Erikson’s work-always interesting
‘Anything that’s in your character at twenty-one,’ says a businessman in F. Scott Fitzgerald’s novel Tender Is the Night (1934), ‘is usually there to stay.’ By the age of 30, most people’s ‘character has set like plaster, and will never soften again’, wrote the psychologist William James in 1890. The exact timing varies, but it’s an old idea: there arrives a moment in life when we become essentially fixed, psychically unmalleable.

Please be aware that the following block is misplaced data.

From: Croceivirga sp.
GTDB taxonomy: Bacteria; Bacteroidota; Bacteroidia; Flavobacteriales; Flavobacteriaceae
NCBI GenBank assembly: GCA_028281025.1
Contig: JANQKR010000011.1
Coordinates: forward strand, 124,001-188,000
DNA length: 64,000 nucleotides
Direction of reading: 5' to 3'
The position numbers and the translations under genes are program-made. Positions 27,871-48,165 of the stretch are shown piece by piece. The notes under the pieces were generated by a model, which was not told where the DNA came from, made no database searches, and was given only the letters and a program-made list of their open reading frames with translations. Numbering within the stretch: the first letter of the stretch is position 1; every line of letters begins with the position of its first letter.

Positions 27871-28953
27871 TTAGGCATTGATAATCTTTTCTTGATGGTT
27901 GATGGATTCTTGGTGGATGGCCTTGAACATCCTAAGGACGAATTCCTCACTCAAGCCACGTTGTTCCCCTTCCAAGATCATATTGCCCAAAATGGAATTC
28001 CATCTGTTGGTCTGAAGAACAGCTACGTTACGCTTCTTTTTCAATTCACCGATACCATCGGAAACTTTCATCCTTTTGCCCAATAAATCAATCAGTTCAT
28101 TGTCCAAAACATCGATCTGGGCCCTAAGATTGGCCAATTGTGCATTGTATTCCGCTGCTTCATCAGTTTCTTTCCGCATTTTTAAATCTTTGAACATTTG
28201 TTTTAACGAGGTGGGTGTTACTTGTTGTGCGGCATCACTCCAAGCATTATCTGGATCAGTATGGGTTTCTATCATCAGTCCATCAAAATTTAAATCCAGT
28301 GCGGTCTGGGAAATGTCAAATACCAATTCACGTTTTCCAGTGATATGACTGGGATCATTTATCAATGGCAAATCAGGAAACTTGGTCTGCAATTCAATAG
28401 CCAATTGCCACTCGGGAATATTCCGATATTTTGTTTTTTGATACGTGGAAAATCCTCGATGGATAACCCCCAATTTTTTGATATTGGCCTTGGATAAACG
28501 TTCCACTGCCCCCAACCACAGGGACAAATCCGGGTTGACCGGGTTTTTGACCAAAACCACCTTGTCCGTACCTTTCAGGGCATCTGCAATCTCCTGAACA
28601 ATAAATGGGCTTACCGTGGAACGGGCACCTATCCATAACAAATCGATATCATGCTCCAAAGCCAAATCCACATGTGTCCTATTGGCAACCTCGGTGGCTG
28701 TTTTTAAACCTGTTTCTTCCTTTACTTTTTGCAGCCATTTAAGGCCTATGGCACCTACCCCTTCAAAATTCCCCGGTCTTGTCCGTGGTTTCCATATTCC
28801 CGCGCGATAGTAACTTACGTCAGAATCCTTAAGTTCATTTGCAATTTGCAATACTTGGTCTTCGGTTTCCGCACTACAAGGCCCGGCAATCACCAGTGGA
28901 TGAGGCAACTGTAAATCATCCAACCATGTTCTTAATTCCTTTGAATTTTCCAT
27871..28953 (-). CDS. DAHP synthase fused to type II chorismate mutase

Anything that’s in your character at twenty-one is usually there to stay.
The psychologist Erik Homburger Erikson, a Jew born in Germany, would develop a more expansive view of things. In 1927, when he was 25 years old, a spell as a wandering art tutor landed him in Vienna – home and hotbed of psychoanalysis. Erikson made the acquaintance of the Freuds, and the discovery of the talking cure ‘opened a life’s work’ for him. Soon after Erikson…
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